While mainstream Hindi cinema does not necessarily reflect political sensitivity to gender or class issues, or to minorities of any kind, there is a line that we have all often heard in Hindi films: ‘Ab duniya ki koi taaquat hamein ek doosre se juda nahin kar sakti’. This was a challenge to all social forces that impeded love – class, caste, region, religion, language.
Earlier this month, the Supreme Court of India under Justices Singhvi and Mukhopadhyaya became one of those forces. This verdict, overturning the Delhi High Court judgement of 2009, which decriminalised homosexuality, has come as a body blow to all those who love ‘differently’. Honour killings, khaap panchayats, violent anti-Dalit campaigns against intercaste marriages, and the bogey of ‘love-jehad’ have already reminded us that love is serious business. Love continues to be buffeted by ugly forces that use the law and often exceed and abuse the law even today, and this has happened again.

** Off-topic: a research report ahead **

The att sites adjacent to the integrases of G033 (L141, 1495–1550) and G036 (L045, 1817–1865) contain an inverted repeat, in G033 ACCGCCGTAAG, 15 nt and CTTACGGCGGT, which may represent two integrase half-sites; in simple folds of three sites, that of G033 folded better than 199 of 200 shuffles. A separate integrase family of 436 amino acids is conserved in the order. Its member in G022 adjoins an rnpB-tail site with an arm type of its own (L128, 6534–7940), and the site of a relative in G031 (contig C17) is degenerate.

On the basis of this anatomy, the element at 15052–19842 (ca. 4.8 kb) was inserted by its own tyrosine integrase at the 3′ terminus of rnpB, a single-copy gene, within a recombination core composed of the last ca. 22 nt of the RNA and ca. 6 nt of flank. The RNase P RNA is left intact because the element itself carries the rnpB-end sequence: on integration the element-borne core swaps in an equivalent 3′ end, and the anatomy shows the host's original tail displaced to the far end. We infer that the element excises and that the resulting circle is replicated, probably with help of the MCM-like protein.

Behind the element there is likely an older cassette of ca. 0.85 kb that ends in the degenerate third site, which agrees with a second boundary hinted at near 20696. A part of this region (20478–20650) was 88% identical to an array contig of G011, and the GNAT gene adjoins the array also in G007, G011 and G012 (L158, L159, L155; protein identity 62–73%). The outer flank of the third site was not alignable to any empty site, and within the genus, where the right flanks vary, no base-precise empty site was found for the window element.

So whose worldview has the latest Apex Court judgement upheld? This is a bunch of religious and right wing groups [such as the Krantikari Manuvadi Morcha, Trust Gods Ministry, Apostolic Churches Alliance and Utkal Christian Foundation, All India Muslim Personal Law Board (AIMPLB), Joint Action Council, Kannur (JACK)], B.P. Singhal, the BJP ideologue and former Rajya Sabha member (now deceased), S.K. Tizarawala (a representative of Baba Ramdev), all led by an astrologer, Suresh Kumar Koushal in challenging the Delhi High Court ruling.
I would like to first address some of their objections to the decriminalisation of homosexuality before I go to the judgement which has declared scores of those among us who love ‘differently’ to be criminals, worthy of being imprisoned for life. Yes, that is what Section 377 of the IPC does (Section 377, Unnatural Offences: Whoever voluntarily has carnal intercourse against the order of nature with any man, woman or animal, shall be punished with 1 [imprisonment for life], or with imprisonment of either description for a term which may extend to ten years, and shall also be liable to fine).